One of the most noteworthy announcements was the biggest uptick in defense spending in three decades: a four-year, 24 billion-pound investment in the country’s armed forces that pleased traditional Conservatives. The chancellor also confirmed a cut in the U.K.’s foreign aid budget to 0.5% of national income, breaking a promise to spend 0.7%.

The drop in overseas development spending dismayed other Tories, who warned it will hamper renewed efforts to display Britain’s global role just as Brexit takes effect. Junior foreign office minister Liz Sugg resigned, telling the prime minister it was “fundamentally wrong” to cut aid spending. “This promise should be kept in the tough times as well as the good,” Sugg said in her resignation letter to Johnson.

Former prime minister David Cameron said reducing the aid budget was “a very sad moment” while the Archbishop of Canterbury Justin Welby, spiritual leader of 85 million Anglican Christians around the world, urged members of Parliament to block the cut.

What Bloomberg Economics Says

“Rather than allowing the deficit to narrow gradually and of its own accord, we now see a significant risk of more tightening in Sunak’s spring budget. If the Chancellor pursues that course, it’s likely to threaten the U.K.’s recovery.”

-- Dan Hanson, economist

For the full report, click here

Sunak said the existing 0.7% aid commitment was “difficult to justify” to the British people. “I have listened with great respect to those who have argued passionately to retain this target,” he said. “But at a time of unprecedented crisis, government must make tough choices.”

Curbs to public sector pay also provoked a backlash. “Earlier this year the chancellor stood on his doorstep and clapped for key workers, today his government institutes a pay freeze for many of them,” Labour’s shadow chancellor, Anneliese Dodds, told Sunak. “The beginning of his speech was that our economic emergency was only just begun. Try telling that to people who’ve been out of work since March.”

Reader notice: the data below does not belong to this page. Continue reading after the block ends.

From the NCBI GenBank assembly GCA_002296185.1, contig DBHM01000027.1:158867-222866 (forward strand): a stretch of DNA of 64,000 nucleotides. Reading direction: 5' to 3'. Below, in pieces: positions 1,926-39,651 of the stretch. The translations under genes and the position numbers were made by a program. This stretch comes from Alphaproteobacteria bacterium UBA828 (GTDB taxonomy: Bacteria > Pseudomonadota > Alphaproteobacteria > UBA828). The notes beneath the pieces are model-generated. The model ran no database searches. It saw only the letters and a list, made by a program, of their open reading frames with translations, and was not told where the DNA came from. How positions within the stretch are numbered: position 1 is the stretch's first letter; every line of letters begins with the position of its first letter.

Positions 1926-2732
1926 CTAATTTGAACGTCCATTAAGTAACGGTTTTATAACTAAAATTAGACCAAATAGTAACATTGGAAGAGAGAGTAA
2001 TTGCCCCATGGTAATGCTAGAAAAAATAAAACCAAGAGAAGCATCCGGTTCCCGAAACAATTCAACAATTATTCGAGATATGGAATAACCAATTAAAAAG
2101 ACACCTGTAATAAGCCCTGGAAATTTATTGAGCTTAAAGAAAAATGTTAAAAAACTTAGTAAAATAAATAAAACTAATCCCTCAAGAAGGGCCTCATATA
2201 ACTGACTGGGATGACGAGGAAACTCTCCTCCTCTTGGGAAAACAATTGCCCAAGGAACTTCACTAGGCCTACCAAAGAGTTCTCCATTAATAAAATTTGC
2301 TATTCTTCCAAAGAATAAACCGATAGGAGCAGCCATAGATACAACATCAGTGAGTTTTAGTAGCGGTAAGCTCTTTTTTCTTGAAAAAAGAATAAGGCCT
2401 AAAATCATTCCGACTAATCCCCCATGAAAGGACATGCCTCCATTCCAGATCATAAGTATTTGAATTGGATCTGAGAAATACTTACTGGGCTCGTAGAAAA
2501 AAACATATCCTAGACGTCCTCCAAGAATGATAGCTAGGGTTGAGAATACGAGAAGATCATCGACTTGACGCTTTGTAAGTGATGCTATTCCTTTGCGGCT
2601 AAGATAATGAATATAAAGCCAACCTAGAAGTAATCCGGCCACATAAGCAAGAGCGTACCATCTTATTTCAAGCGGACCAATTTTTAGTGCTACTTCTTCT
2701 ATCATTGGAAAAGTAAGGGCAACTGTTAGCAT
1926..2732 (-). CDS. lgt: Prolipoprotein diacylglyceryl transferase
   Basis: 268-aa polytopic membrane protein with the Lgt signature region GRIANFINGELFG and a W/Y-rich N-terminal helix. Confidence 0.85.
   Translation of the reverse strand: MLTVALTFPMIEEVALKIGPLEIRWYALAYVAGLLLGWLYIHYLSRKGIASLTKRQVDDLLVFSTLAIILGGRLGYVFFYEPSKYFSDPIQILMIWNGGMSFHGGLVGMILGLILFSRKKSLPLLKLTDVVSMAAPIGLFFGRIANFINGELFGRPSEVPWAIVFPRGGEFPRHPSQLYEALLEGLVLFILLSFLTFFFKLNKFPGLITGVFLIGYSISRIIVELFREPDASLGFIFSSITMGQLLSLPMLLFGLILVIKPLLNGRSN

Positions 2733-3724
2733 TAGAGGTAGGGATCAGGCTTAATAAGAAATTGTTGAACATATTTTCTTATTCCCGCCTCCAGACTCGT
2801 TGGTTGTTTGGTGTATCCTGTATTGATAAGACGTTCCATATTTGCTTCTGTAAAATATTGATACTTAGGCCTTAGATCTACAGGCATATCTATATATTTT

A new infrastructure strategy detailed planned projects to deliver on 100 billion pounds of projects pledged over the course of the five-year Parliament that started last December. Sunak also unveiled a new financial institution to help attract private money into such programs.

The chancellor has found himself spending in a way that no Conservative chancellor would easily countenance. Costs totaling 280 billion pounds have been racked up or earmarked to tackle the virus and support jobs and businesses through the crisis in the current fiscal year, Sunak said.

U.K. Faces Worst Slump in 300 Years as Sunak Set to Cut Spending

More borrowing will be needed, with the government now planning to issue a record 485.5 billion pounds of bonds in this fiscal year.

The Office for Budget Responsibility forecast that the already dire economic situation will be made worse if the Brexit negotiations end without a deal. In that scenario, unemployment would peak at 8.3%, while the economy wouldn’t reclaim its pre-virus size until well into 2023. The long-term GDP scarring of virus would be 5% rather than 3%, according to the OBR’s latest forecasts, published Wednesday.

©2020 Bloomberg L.P.